Stephen Roach:This is an unusually synchronous recession

While the eyes of the world rest on China as the world arguably moves towards a recovery, India could be the surprise package from Asia.

Stephen Roach, chairman of Morgan Stanley Asia, said India's rise would be based on its higher savings rate, foreign direct investment and the share of infrastructure as part of its GDP. But the difference would be the power at the centre. "What had been lacking is the political impetus towards reforms. The recent election has changed this scenario," he said.

Other Asian countries face the problem of a dependence on exports; that is not true of India. This is true of China as well, which has previously dwarfed India's economic progress with its own model based on exports.

Now China faces major challenges as it has pushed its model too far, feels Roach, leaving it too dependant on the external climate. "For the first time, I am more positive on India as compared to China."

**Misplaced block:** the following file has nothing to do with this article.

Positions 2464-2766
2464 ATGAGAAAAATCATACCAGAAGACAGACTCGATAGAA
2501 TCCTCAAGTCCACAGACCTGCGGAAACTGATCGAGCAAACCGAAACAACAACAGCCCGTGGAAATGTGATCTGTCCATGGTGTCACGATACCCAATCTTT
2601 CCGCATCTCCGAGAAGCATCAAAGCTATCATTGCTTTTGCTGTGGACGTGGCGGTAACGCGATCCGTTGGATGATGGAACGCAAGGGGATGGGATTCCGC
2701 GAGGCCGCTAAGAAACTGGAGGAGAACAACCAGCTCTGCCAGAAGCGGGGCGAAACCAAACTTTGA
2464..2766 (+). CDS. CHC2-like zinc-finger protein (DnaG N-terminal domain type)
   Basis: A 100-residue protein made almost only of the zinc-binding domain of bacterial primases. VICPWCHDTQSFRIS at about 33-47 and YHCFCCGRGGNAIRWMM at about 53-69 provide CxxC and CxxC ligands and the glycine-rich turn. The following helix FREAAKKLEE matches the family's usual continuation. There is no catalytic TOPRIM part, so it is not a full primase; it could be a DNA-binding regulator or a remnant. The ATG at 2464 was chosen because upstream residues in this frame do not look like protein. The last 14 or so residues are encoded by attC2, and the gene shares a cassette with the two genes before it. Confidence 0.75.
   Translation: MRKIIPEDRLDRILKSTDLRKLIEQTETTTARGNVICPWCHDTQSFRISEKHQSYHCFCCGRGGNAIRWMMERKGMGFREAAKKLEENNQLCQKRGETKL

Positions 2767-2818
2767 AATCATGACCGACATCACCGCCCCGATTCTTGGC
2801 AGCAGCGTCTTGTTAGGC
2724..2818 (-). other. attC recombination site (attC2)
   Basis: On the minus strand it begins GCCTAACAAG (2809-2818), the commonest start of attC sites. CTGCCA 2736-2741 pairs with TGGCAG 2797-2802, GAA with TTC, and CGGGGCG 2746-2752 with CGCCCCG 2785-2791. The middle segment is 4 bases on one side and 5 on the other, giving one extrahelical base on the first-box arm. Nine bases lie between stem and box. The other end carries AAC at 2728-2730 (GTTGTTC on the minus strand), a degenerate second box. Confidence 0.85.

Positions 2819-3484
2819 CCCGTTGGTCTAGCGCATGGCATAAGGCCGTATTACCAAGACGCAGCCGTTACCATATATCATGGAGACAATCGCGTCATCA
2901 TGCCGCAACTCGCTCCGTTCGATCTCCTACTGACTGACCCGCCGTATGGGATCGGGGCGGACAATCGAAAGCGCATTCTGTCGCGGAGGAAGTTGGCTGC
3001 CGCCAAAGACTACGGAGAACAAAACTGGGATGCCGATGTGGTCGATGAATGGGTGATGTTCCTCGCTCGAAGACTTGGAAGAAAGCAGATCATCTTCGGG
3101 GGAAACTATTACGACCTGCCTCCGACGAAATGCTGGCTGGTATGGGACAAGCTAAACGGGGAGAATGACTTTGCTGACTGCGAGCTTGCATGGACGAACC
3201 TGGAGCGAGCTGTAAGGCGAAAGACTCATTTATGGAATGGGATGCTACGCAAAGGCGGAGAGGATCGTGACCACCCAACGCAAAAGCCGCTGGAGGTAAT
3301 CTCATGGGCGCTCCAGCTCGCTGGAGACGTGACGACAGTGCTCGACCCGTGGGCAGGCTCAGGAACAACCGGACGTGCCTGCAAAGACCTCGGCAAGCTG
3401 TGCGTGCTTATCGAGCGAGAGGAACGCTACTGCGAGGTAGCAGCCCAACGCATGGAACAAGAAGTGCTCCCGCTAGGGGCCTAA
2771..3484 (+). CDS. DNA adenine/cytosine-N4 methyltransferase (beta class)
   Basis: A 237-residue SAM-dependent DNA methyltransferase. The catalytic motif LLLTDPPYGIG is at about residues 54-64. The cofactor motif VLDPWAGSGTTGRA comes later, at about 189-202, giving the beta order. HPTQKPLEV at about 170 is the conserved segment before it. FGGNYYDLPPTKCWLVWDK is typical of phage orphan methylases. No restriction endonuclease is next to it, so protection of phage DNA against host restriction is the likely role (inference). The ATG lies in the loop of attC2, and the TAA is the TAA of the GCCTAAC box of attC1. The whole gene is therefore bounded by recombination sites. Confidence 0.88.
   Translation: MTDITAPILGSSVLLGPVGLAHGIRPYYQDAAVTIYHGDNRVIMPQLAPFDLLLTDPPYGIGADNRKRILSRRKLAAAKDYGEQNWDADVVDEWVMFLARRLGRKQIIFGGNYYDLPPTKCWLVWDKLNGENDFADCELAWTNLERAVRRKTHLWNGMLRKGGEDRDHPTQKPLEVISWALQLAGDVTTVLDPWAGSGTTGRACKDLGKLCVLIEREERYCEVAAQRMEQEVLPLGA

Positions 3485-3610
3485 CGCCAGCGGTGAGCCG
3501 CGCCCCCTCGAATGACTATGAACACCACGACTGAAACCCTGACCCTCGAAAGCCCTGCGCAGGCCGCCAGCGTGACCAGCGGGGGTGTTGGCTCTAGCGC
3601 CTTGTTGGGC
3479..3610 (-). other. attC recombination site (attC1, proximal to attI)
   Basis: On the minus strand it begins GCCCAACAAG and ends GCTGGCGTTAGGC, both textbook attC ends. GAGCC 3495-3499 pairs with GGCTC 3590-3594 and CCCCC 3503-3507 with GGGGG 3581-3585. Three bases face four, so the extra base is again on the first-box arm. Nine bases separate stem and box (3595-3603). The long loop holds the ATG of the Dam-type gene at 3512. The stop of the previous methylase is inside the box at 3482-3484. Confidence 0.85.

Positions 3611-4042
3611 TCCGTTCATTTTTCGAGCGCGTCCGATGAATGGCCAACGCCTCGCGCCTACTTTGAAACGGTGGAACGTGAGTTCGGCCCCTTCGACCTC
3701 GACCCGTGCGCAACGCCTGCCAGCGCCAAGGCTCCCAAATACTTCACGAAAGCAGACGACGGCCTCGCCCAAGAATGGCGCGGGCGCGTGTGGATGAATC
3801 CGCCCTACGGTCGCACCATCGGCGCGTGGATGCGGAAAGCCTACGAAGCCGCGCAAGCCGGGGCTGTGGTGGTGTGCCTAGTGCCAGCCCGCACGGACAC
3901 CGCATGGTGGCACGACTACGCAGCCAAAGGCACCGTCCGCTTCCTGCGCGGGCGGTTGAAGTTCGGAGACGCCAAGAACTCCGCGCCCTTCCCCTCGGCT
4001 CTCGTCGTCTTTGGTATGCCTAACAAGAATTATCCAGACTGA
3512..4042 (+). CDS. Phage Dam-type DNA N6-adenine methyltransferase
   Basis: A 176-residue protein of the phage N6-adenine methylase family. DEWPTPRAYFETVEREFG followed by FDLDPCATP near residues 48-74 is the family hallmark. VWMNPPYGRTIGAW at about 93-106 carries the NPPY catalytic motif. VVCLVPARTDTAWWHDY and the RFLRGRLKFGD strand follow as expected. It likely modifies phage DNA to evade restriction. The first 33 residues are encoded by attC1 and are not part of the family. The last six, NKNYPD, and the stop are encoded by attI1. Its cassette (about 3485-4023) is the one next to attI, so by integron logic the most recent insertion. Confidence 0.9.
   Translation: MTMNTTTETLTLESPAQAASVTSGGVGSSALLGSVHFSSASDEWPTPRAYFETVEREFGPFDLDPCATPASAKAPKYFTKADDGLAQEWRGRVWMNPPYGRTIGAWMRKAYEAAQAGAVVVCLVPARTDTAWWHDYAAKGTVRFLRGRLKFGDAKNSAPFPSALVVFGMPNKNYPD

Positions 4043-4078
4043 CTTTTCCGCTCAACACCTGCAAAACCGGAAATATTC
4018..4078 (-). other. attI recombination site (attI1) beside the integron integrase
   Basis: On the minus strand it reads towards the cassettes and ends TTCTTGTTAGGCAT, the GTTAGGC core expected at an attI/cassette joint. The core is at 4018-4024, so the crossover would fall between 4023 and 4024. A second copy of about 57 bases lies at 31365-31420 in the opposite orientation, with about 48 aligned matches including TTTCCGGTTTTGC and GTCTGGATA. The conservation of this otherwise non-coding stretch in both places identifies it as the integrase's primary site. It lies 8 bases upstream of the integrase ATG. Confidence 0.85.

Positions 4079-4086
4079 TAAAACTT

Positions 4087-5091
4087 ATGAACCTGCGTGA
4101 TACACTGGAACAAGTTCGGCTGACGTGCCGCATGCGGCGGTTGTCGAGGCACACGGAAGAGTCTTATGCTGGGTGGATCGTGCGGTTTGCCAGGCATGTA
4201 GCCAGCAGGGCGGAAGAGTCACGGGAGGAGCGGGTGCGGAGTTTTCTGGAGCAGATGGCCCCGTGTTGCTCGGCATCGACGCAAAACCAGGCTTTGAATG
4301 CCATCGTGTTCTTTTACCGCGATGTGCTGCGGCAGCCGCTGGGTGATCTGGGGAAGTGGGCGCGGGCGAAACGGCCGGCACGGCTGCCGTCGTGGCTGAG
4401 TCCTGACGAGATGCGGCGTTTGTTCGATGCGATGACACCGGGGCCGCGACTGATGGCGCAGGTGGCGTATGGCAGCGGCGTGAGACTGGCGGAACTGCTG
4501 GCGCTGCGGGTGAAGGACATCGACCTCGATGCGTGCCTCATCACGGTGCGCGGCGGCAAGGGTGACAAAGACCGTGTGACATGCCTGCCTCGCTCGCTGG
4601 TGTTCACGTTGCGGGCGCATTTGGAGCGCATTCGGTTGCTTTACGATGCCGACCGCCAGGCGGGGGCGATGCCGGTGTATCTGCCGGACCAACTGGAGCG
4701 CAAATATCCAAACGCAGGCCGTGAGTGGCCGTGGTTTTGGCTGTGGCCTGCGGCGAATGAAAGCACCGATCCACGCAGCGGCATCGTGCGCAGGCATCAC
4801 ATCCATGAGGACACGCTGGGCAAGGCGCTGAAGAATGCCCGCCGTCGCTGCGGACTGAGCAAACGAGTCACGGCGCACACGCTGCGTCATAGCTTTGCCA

As India is more balanced, it could result in the country outperforming at the margin to the rest of the region, suggested Roach.

The global economy, though, still has to recover from the problems of the current crises. There could still be some toxic debt that needs to be flushed out of the system. Also, the majority of global economies have shrunk in this crisis, compared to previous ones, which might hinder recovery.

This is an unusually synchronous recession for the global economies, Roach said. Usually, in a global recession, half the world's economies contract while the other half is rising. So when the rate of contraction moderates, the balance swings pretty sharply towards expansion.

"This time, as of mid-2009, 75% of the world's economies are contracting and so the balance between contraction and expansion is skewed towards weakness. That will limit the upside for the world economy."

Due to these reasons, the current global rally in equity is not justified based on fundamentals, said the economist. The recovery being priced in is a V-shaped recovery which is unlikely. The markets have run ahead of themselves and should correct, Roach said. "The green shoots will turn brown this summer."


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